Affordable Access

The Influences of Disturbance Histories and Soil Properties on Aboveground Biomass through Plant Functional Traits in a Tropical Rainforest

Authors
  • wensheng, bu
  • zhang, cancan
  • huang, jihong
  • zang, runguo
  • ding, yi
  • han, xu
  • lin, mingxian
  • wang, jinsong
Publication Date
Sep 06, 2019
Source
MDPI
Keywords
Language
English
License
Green
External links

Abstract

Research Highlights: We try to evaluate the relative contribution of environmental factors and functional traits on aboveground biomass in a species rich tropical forest ecosystem after a 40-years natural recovery. Background and Objectives: Functional traits have a potential to incorporate community dynamics into the impacts of disturbance histories or environmental conditions on ecosystem functioning, but few studies have been conducted to understand these processes. Materials and Methods: We measured plant functional traits and soil properties in the tropical montane rainforests on Hainan Island, China, which had experienced different disturbance histories (clear cutting, selective logging, and old-growth) 40 years ago. A structural equation model was used to elucidate how disturbance histories and soil factors influence aboveground biomass (AGB) across different size classes (saplings, treelets, and adult trees) through plant functional traits. Results: The results demonstrated logging stimulated seedling establishment but decreased AGB of adult trees and wood density at community-level (CWM_WD) of sapling and adult tree. Generally, CWM_WD of sapling, treelet, and adult tree decreased linearly with the increasing of specific leaf area at community-level (CWM_SLA) in old-growth forest and these two disturbed forests. Moreover, CWM_SLA explained more variation of CWM_WD with increasing intensity of logging within sapling, treelet, and adult tree. CWM_SLA and CWM_WD not only responded to environmental conditions and disturbance intensity but also affected AGB in all size classes / meanwhile, CWM_SLA was a major driver of AGB. CWM_SLA had a stronger effect on AGB in sapling and treelet classes than on the adult tree class. Conclusions: Our results suggested that disturbance history and environmental factors could directly or indirectly affect ecosystem functioning through plant functional traits. Functional traits always had a stronger effect on AGB than environmental conditions. Moreover, CWM_SLA is a key trait that can be used to link the relationship between environmental conditions and AGB.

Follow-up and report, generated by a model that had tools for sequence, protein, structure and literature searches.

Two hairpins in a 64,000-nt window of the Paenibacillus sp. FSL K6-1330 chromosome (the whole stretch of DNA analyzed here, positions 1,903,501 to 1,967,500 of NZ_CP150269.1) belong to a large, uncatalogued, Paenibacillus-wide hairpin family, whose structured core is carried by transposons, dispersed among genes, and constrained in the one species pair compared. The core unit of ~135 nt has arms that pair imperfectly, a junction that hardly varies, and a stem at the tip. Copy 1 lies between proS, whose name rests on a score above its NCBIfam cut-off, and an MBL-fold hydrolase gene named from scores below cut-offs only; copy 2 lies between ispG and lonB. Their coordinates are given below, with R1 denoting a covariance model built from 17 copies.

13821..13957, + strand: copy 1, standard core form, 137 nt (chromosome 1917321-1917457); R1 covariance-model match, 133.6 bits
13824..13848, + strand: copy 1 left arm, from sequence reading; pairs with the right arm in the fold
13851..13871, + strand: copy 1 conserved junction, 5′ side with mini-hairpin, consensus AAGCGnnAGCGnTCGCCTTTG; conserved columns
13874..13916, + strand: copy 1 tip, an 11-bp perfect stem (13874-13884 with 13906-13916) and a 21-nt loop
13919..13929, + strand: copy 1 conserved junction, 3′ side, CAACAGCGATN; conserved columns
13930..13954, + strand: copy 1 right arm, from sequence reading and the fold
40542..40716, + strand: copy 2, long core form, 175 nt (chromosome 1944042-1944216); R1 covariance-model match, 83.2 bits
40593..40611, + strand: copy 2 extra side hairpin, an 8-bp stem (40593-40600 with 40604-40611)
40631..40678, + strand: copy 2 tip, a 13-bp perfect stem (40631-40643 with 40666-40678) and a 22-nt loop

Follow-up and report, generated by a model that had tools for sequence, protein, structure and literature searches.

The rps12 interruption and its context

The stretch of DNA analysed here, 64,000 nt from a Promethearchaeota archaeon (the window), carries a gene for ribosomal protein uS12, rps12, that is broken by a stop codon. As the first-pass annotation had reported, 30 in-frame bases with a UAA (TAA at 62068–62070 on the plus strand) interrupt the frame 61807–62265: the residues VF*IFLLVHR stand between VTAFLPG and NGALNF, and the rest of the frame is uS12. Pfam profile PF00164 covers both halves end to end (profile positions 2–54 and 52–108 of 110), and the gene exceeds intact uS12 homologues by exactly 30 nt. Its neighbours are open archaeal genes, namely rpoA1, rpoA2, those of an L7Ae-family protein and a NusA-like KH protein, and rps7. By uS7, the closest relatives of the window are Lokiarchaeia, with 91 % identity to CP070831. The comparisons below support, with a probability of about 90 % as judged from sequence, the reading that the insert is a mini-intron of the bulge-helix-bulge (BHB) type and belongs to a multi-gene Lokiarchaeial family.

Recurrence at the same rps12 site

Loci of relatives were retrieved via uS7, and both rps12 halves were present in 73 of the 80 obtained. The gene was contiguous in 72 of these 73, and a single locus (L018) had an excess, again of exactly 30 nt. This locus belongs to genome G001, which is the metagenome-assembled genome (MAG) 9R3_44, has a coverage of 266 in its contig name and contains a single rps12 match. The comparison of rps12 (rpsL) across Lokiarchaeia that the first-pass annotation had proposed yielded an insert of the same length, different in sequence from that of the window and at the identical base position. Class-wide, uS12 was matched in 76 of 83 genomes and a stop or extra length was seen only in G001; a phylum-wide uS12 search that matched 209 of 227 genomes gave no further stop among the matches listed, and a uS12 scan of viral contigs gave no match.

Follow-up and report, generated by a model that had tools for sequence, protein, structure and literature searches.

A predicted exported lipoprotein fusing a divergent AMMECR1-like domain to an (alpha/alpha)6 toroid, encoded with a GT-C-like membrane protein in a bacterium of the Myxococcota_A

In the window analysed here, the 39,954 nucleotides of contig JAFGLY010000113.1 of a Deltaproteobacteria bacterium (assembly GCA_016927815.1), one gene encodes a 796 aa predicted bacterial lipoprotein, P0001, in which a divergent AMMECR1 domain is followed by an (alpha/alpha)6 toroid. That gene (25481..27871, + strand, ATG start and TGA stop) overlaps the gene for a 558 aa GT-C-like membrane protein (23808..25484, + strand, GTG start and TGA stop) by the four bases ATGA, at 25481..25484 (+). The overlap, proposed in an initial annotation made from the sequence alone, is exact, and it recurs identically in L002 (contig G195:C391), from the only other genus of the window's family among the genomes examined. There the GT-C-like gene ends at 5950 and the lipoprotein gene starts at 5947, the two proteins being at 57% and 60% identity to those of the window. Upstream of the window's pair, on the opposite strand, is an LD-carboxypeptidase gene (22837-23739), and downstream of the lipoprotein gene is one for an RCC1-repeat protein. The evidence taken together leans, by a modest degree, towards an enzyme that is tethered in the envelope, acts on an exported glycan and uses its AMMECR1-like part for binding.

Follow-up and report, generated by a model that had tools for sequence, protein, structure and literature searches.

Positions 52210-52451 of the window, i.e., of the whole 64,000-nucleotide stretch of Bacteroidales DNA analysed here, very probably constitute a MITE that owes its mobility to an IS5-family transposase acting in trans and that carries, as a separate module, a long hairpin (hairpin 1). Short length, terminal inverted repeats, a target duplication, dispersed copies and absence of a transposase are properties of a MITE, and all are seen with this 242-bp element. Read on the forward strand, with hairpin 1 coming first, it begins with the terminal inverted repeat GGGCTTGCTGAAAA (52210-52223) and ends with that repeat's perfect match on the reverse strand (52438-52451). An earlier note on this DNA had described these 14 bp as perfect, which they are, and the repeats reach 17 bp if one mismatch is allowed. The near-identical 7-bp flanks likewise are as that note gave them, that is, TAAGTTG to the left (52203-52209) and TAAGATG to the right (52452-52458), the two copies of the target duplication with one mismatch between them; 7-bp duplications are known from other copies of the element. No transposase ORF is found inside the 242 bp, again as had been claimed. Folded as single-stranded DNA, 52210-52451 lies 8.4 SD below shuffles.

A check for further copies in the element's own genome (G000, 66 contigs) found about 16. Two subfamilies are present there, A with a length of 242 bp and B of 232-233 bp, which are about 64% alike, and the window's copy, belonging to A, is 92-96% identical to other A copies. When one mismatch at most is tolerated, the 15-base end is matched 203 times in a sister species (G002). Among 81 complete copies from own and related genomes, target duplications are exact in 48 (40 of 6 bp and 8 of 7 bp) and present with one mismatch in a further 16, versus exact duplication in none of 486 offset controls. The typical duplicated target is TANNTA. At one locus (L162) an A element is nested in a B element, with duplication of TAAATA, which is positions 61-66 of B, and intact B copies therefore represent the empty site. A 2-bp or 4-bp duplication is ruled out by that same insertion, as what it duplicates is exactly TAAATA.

Report this publication

Statistics

Seen <100 times